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An infant mountain gorilla in Bwindi Impenetrable National Park, Uganda. Gorilla Doctors / Mongabay

By John C. Cannon

The outlook for eastern Africa's mountain gorillas is growing brighter, as a recent census released on Dec. 16 shows that the subspecies' numbers have risen since 2011. Scientists believe there are now at least 1,063 mountain gorillas living in the wild.

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Emilie Chen / Flickr / CC BY-ND 2.0

By Jason Bittel

The news coming out of East Africa's Virunga Mountains these days would have made the late (and legendary) conservationist Dian Fossey very happy. According to the most recent census, the mountain gorillas introduced to the world in Gorillas in the Mist, Fossey's book and the film about her work, have grown their ranks from 480 animals in 2010 to 604 as of June 2016. Add another couple hundred apes living in scattered habitats to the south, and their population as a whole totals more than 1,000. Believe it or not, this makes the mountain gorilla subspecies the only great apes known to be increasing in number.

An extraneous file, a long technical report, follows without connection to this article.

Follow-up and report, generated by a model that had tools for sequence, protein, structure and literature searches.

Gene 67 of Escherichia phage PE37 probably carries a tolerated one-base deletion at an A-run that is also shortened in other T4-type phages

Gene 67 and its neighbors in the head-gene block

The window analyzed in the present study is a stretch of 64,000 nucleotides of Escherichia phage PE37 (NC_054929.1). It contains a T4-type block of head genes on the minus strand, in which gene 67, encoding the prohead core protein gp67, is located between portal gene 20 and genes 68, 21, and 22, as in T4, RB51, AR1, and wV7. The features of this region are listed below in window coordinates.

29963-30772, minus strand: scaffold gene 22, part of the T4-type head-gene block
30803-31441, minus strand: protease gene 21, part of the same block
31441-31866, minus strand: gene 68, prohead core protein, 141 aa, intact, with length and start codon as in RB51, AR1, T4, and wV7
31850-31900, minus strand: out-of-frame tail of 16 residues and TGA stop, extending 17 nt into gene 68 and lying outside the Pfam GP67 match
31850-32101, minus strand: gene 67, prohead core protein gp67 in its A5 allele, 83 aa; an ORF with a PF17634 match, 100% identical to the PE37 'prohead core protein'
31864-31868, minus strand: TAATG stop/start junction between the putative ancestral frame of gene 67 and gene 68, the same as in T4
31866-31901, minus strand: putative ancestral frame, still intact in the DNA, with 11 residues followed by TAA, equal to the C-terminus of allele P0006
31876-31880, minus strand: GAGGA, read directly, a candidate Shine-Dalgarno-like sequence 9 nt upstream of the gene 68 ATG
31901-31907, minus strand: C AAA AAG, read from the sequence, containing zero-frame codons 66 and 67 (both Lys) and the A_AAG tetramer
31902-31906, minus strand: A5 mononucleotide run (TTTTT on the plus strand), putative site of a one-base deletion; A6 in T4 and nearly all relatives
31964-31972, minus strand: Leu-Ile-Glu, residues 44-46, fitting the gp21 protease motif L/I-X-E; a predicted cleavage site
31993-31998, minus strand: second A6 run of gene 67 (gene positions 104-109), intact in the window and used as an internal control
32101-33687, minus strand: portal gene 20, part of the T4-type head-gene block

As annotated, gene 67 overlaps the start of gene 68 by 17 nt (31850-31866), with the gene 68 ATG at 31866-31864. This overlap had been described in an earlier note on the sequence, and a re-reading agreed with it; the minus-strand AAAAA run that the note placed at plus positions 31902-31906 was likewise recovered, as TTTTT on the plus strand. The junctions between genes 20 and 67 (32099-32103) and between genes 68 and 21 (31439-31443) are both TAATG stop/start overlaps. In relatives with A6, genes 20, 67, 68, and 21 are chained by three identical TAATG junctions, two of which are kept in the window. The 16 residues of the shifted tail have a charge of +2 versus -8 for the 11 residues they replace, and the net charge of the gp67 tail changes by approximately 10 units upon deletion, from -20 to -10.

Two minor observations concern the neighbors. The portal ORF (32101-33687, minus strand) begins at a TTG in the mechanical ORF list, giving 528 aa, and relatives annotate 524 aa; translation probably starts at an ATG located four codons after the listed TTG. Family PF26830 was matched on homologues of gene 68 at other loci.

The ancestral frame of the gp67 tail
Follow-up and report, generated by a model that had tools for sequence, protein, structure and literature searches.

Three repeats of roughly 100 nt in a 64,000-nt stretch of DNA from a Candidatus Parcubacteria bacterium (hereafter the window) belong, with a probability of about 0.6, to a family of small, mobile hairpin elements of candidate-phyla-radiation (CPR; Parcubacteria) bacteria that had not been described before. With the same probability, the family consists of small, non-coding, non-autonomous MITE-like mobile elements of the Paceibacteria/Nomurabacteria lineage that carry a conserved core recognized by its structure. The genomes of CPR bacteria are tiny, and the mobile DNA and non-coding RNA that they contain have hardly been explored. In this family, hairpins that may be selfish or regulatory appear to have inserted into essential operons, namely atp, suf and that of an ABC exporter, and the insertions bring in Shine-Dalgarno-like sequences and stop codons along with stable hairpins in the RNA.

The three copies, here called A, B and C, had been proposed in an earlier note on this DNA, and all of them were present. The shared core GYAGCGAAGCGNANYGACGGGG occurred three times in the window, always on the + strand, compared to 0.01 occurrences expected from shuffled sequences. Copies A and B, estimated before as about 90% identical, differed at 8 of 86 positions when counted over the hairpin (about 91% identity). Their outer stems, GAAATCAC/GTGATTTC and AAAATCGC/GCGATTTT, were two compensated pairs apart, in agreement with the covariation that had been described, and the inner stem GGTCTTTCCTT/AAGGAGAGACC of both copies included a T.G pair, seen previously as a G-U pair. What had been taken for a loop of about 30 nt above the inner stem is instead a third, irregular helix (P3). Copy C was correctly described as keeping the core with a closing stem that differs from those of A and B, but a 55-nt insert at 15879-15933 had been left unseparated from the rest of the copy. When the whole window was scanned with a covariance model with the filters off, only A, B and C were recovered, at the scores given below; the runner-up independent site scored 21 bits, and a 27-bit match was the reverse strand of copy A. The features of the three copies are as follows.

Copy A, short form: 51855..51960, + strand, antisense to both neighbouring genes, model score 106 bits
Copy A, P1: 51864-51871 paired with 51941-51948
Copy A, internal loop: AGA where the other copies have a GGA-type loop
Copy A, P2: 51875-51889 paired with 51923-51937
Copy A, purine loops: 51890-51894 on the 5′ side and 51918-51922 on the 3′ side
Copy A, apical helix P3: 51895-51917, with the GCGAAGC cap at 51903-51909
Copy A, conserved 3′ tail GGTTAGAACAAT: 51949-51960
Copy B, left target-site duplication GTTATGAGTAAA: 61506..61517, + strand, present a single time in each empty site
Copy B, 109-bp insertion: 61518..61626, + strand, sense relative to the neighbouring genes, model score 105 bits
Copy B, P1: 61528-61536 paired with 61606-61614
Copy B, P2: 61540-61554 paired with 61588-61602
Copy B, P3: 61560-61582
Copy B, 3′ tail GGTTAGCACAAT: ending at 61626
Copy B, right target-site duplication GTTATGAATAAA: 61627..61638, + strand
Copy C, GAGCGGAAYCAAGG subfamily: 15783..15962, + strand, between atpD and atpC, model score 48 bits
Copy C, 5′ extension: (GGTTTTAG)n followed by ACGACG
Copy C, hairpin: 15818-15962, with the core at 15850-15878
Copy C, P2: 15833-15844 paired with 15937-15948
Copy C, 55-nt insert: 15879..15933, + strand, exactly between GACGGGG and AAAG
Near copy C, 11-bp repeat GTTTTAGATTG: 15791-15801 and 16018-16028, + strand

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Mountain gorilla family interaction during midday rest. Martin Harvey / WWF

Numbers of critically endangered mountain gorillas are on the up, following conservation efforts in the transboundary Virunga Massif, one of the two remaining areas where the great ape is still found.

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